In 1282 Charles of Anjou, brother of French King Louis the Holy, was the most powerful ruler in the Mediterranean. At this moment he was both King of Sicily, Jerusalem and Albania, count of Provence, Forcalquier, Anjou and Maine and ruler of Achaea, Tunisia and senator in Rome. Charles' plans were now to make its power permanent by the conquest of Istanbul.
During the fourth crusade (in 1204) Constantinople had become a Latin kingdom, but already in 1261 it had fallen in Byzantine hands. With the conquest of Constantinople, Charles would become emperor of a new Roman empire. In the spring of 1282 his boats were waiting in the ports of Sicily and he was ready to attack Constantinople during the month of April
During a sermon one afternoon in the Trinity Church of Palermo, a French official, Drouet, treated a Sicilian woman badly. Her husband took a knife and killed Druet. This event triggered a massacre on the French on the island - the Sicilian population rebelled against the French officials on the island and at the end of the day at least 2000 French were dead.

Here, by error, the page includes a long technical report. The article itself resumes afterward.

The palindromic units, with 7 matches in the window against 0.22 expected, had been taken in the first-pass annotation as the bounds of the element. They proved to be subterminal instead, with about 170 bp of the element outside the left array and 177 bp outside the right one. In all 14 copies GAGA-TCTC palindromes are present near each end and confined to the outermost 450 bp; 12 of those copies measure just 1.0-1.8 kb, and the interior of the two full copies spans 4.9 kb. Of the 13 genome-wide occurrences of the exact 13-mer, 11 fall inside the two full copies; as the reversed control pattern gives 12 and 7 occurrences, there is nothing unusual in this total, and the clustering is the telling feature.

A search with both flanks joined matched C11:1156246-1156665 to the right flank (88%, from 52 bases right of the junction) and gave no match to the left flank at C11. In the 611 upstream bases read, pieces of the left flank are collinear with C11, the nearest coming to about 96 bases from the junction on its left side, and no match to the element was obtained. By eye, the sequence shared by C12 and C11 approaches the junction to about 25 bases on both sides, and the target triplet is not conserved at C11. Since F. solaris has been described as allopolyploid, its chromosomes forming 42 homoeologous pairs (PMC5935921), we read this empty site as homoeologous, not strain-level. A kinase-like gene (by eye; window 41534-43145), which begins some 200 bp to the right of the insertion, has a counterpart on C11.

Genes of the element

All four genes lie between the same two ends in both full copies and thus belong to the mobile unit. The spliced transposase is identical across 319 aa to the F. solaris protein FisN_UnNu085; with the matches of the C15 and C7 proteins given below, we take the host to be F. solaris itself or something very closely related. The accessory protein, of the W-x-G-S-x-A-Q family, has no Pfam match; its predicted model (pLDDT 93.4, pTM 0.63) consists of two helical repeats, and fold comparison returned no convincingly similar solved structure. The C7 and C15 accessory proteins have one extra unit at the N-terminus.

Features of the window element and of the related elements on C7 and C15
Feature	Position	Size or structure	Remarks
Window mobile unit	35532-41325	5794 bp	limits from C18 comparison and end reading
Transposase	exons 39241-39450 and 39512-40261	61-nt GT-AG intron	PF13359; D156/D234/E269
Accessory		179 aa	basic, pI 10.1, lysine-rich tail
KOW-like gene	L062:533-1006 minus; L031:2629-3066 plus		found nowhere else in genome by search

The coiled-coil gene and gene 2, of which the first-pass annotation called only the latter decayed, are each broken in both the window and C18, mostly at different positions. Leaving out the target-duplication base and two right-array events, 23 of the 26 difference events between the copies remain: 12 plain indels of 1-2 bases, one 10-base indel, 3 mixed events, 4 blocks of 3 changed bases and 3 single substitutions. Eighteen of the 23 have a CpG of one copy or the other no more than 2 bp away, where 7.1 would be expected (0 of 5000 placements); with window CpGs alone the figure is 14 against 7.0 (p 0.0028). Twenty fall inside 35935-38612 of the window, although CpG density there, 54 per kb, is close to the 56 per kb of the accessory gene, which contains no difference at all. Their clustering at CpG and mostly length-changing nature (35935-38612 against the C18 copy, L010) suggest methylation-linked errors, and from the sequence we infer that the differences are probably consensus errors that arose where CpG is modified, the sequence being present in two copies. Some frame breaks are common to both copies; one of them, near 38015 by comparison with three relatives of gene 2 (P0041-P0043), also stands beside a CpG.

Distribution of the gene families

The French were pulled out of their houses. In order to find out if they were Sicilian or French they were forced to pronounce a difficult sentence in local Sicilian language.
Verdi's opera, the Sicilian Vesper, retells the story of the Catalan royal family, which put an end to French domination in the late 1200’s and prevented the Roman the ingestion of Constantinople.
The Sicilian Vesper. A history of the mediterranean world in the later thirteenth century. Cambridge University Press, 1958. (A classic publication that have not been surpassed since its publication more than 50 years ago).